March 31, 2015
Part of the Washington mystique is to call things by names that lull the public into believing the government is diligently protecting our nation from foreign enemies – case-in-point: the USA Patriot Act, the Foreign Intelligence Surveillance Act, the USA Freedom Act. However, as NSA contractor Edward Snowden clearly demonstrated, all of these acts purportedly give US intelligence collection agencies the authority to spy on Americans despite the Bill of Rights prohibiting unreasonable intrusions by the government.
Today the Senate will hold a rare Sunday session to debate the fate of the contentious Patriot Act that expires at midnight. At the heart of the debate is the much talked about Section 215 that allegedly allows the government to collect telephone metadata records from all Americans. Last week Senator Rand Paul filibustered on the floor of the Senate for 10 ½ hours to prevent the extension of the Act, forcing Senate leaders into another legislative cliffhanger. Today the Senator hopes his legislative maneuvering will spell the beginning of the end of the domestic surveillance of Americans.
Most of the news reporting centers on the controversial Section 215, which allows the federal government via the NSA to obtain and store “any tangible things (including books, records, papers, documents, and other items) for an investigation to protect against international terrorism or clandestine intelligence activities, provided that such investigation of a United States person is not conducted solely upon the basis of activities protected by the Constitution.”
The government argues that under Section 215 relevant agencies only collect metadata like length of a call or how many times the user called particular phone numbers but no actual content of emails or texts. Civil liberty critics point out the lack of specific warrants in Section 215 violates First and Fourth Amendment rights of Americans.
However, Section 215 appears to be nothing more than a smoke and mirrors debate for politicians to flaunt in front of news cameras. Further, they are claiming the USA Freedom Act, a bill that passed in Congress in a bi-partisan landslide 329-88, curtails Section 215 abuses, but the proof is in the pudding and Section 215 simply shifts the storage of the records to the telephone carriers (many say they will charge the government even more money to turn over the records as well as pass on additional cost to users). The government still retains broad liberal access to continue government surveillance prompting civil liberty groups like the ACLU to highlight the new legislation attempts to legalize programs several courts have ruled unconstitutional.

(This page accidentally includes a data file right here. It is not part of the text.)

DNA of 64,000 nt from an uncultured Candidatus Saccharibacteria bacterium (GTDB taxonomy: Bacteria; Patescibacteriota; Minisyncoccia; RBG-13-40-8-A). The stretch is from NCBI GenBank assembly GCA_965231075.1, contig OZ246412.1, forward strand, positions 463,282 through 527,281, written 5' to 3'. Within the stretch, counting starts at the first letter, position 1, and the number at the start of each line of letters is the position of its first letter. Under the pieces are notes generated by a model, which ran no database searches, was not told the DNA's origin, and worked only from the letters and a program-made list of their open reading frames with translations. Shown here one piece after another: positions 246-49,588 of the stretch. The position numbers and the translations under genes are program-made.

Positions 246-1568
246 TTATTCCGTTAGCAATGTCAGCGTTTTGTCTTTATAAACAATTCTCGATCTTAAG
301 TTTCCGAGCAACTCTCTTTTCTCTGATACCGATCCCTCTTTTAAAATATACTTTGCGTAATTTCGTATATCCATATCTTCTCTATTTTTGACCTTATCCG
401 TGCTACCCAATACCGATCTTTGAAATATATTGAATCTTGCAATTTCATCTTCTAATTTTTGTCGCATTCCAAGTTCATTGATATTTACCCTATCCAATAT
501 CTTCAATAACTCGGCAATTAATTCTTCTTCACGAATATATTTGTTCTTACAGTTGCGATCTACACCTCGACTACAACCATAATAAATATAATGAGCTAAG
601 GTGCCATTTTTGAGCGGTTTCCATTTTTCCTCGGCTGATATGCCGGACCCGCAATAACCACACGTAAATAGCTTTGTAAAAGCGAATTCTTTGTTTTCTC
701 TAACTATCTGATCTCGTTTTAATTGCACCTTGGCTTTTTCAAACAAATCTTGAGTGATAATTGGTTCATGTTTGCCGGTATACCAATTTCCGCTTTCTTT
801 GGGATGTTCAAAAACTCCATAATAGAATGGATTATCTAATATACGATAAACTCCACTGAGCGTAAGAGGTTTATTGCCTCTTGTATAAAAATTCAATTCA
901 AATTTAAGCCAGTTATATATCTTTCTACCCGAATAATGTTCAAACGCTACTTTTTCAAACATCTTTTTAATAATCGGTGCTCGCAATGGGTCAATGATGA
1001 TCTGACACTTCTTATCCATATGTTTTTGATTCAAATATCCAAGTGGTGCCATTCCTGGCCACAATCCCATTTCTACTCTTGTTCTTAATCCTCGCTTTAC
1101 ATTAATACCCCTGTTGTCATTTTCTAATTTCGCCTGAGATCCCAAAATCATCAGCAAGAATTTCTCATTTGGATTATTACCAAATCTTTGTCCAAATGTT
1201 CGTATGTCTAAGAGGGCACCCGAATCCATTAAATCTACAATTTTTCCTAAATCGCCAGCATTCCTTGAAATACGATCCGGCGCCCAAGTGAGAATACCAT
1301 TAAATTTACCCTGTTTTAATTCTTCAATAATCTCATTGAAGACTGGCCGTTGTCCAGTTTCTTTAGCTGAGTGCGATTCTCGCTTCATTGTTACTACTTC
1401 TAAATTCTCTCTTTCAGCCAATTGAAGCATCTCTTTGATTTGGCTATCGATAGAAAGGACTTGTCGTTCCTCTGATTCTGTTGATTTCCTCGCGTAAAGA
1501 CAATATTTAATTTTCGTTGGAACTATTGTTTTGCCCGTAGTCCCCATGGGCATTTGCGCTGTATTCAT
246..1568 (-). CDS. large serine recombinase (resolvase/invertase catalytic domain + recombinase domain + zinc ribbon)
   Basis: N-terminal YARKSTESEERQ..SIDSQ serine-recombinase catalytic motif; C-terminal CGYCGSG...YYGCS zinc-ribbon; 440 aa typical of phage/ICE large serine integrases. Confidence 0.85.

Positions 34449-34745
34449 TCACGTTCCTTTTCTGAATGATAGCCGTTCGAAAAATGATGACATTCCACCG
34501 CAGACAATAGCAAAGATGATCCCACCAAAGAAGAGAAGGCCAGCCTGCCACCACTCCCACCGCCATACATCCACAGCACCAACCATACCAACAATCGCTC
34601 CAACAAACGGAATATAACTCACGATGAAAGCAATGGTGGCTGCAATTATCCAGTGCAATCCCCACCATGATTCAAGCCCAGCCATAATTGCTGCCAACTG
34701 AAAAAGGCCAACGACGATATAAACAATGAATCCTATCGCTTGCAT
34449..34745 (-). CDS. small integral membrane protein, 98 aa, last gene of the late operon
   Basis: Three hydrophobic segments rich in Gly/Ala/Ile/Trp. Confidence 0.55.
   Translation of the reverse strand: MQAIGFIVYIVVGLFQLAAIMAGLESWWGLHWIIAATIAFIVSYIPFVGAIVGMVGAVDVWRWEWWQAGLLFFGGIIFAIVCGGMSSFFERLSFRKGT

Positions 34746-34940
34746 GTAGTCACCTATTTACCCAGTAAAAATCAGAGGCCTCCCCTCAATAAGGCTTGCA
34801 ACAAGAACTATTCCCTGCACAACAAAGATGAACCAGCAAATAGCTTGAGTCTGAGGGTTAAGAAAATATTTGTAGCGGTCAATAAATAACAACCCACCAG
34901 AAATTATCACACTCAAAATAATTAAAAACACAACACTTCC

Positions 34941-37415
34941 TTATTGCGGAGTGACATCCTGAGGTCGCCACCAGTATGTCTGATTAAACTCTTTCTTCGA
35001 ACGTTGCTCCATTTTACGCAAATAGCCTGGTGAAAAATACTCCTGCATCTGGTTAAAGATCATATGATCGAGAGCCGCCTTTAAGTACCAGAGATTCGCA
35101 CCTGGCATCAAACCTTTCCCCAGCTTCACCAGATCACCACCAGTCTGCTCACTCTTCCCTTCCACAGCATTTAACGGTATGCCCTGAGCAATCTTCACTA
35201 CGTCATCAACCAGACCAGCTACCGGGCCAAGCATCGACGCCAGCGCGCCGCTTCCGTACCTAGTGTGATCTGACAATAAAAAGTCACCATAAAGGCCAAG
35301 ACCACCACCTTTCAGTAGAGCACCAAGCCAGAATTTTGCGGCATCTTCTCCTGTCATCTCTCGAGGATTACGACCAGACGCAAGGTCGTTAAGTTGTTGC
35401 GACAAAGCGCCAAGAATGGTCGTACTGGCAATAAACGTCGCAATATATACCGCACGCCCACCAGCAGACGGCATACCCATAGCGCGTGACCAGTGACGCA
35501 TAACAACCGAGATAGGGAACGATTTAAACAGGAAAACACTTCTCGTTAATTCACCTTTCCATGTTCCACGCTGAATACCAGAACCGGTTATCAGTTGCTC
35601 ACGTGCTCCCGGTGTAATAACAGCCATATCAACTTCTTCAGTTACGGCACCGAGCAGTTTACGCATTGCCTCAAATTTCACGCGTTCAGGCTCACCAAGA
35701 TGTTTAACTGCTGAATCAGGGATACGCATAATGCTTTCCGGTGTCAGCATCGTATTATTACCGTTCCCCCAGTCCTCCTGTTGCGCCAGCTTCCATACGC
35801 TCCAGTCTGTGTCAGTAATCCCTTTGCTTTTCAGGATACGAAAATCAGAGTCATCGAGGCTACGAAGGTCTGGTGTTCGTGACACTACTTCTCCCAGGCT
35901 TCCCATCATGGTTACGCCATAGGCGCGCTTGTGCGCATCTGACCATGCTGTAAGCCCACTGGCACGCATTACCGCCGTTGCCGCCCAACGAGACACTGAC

Looks like what Uncle Sam gives with one hand he invariably takes with the other. For example, let’s introduce you to the little known and even less reported surveillance tool used by US law enforcement, Section 702 of the Foreign Intelligence Surveillance Act Amendments (FISA) of 2008 (that President Obama signed into law in early 2009). In a document cache, NSA whistleblower, Edward Snowden, released information on an NSA program called PRISM, which allows the NSA, through Section 702, to not only collect the CONTENT of phone conversations of “foreigners,” something the NSA and government officials said they didn’t have the technology to do (listen to content), but they only need a 51 percent confidence that the person whom they are invasively recording conversations, reading texts or emails has engaged or intends to engage in terror-related acts.
The civil liberties organization, Electronic Frontier Foundation (EFF), analyzed Section Section 702 upon which the NSA relies to collect metadata of phone calls, texts and emails, and further highlighted the government’s massive buildings needed to store all the electronic data for years to come. EFF suggests Americans ask their lawmakers and the President the following questions:
• Most of the discussion around the NSA has focused on the phone records surveillance program. Unlike that program, collection done under Section 702 captures content of communications. This could include content in emails, instant messages, Facebook messages, web browsing history, and more.